CANNABIS CULTURE – NJWeedman (Aka Ed Forchion) has filed a lawsuit against the state of New Jersey for legalizing regulated cannabis on the grounds that new laws demand a colonialized system of selective prosecution.
“What’s going on right now is the Columbusization of the marijuana industry. In urban communities, we have not had shortages of marijuana in decades. You get these corporations coming in here saying they founded the cannabis industry, and they are setting up in these urban communities. Right on top of us! They are planning on setting up these Walmarts of weed right in our communities.”
Forchion is passionate when he speaks about the future he wants to see for New Jersey neighborhoods, ravaged by the drug war.
He doesn’t mind the “Walmarts of weed” setting up shop.
Instead, Forchion wants the average citizen to be able to open a bodega in their neighborhood as well—and he argues that the new laws will make it impossible for this to happen.
At present, there are not yet any official new laws regarding marijuana in New Jersey. Neither the Senate nor the Assembly has managed to muster enough votes to pass legislation. Governor Phil Murphy ran his 2017 campaign on a promise to legalize marijuana, but the legislative stalemate led lawmakers to put the question to voters.
Almost three million New Jersey citizens voted “yes” on the ballot, signaling it’s time to get to work on coming to an agreement. However, lawmakers continue to disagree on how to move forward.
Lipstick on Pigs
Some argue the current proposed legislation doesn’t do enough to address the issue of social justice in the state.
Senator Ronald Rice accused his fellow lawmakers of putting profit before community, and legalization ahead of decriminalization, in a scathing opinion piece the New Jersey Globe published on November 14th.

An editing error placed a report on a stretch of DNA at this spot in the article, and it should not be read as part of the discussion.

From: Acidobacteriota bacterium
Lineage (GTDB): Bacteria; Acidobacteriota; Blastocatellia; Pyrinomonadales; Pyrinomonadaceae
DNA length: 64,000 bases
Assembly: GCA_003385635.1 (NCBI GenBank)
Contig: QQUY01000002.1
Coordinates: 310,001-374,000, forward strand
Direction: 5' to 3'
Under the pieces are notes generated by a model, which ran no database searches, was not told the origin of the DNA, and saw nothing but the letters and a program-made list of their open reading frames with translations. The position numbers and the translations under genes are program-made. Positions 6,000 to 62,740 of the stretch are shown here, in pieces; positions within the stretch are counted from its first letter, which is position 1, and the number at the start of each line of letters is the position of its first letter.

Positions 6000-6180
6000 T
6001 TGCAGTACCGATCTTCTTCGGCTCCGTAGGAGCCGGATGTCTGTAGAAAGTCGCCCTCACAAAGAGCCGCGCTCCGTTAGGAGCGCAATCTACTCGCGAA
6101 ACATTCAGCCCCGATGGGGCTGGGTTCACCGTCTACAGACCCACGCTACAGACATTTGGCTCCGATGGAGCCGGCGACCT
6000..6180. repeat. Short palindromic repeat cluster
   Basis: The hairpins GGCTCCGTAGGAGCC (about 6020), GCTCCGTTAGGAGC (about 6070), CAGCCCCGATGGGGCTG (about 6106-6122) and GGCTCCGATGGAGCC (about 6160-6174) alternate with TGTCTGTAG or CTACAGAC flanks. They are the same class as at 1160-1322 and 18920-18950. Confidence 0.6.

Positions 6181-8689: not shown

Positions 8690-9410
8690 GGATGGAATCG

“They saw marijuana as a cash cow that could be milked as a source of income for our state and a windfall profit for investors. […] Like putting lipstick on a pig, the legalization legislation was disguised as a path to social justice and promoted as a way to level the playing field and bring equity and equality among our people.”
Rice’s sentiments are at the heart of Forchion’s lawsuit, but the issue of social justice is now completely separate from the issue of marijuana legalization.
According to David Mangone, Director of Policy for a Washington DC cannabis industry lobbying firm called The Liason Group, “That’s a valid concern. Minorities are not receiving equitable opportunities after years and years of institutional discrimination. However, it’s not related to the actual bill.”
Mangone pointed out the challenge for Forchion is, “implementing law appears to be neutral. [There is] nothing in the text that relates to racial preference one way or another.”
He went on to note that Forchion’s arguments may fit into the equation better, “once the licensing process actually starts. If licensing was awarded in a discriminatory way, he would have a compelling case.”
The state will put its Cannabis Regulatory Commission in charge of implementing and enforcing the laws after they are hashed out, with former New Jersey ACLU attorney Diana Houenou heading it up.
However, the expense of compliance will inherently add a deeply discriminatory element to the process, squeezing out the smaller black market entrepreneurs that have been holding up the cannabis industry and ensuring a market exists today. “No one can afford to comply with regulations,” observed Forchion.
For now, he will “keep selling weed like I’m white,” from NJWeedman’s Joint. His cafe that sits directly across the street from City Hall, and he dares the police to arrest him.
“If they arrest me tomorrow, I’m on the front page of the papers and mostly everyone agrees with me. Then this’ll get the national attention it deserves. [ … ] Bring it on, government. #NJcantget12”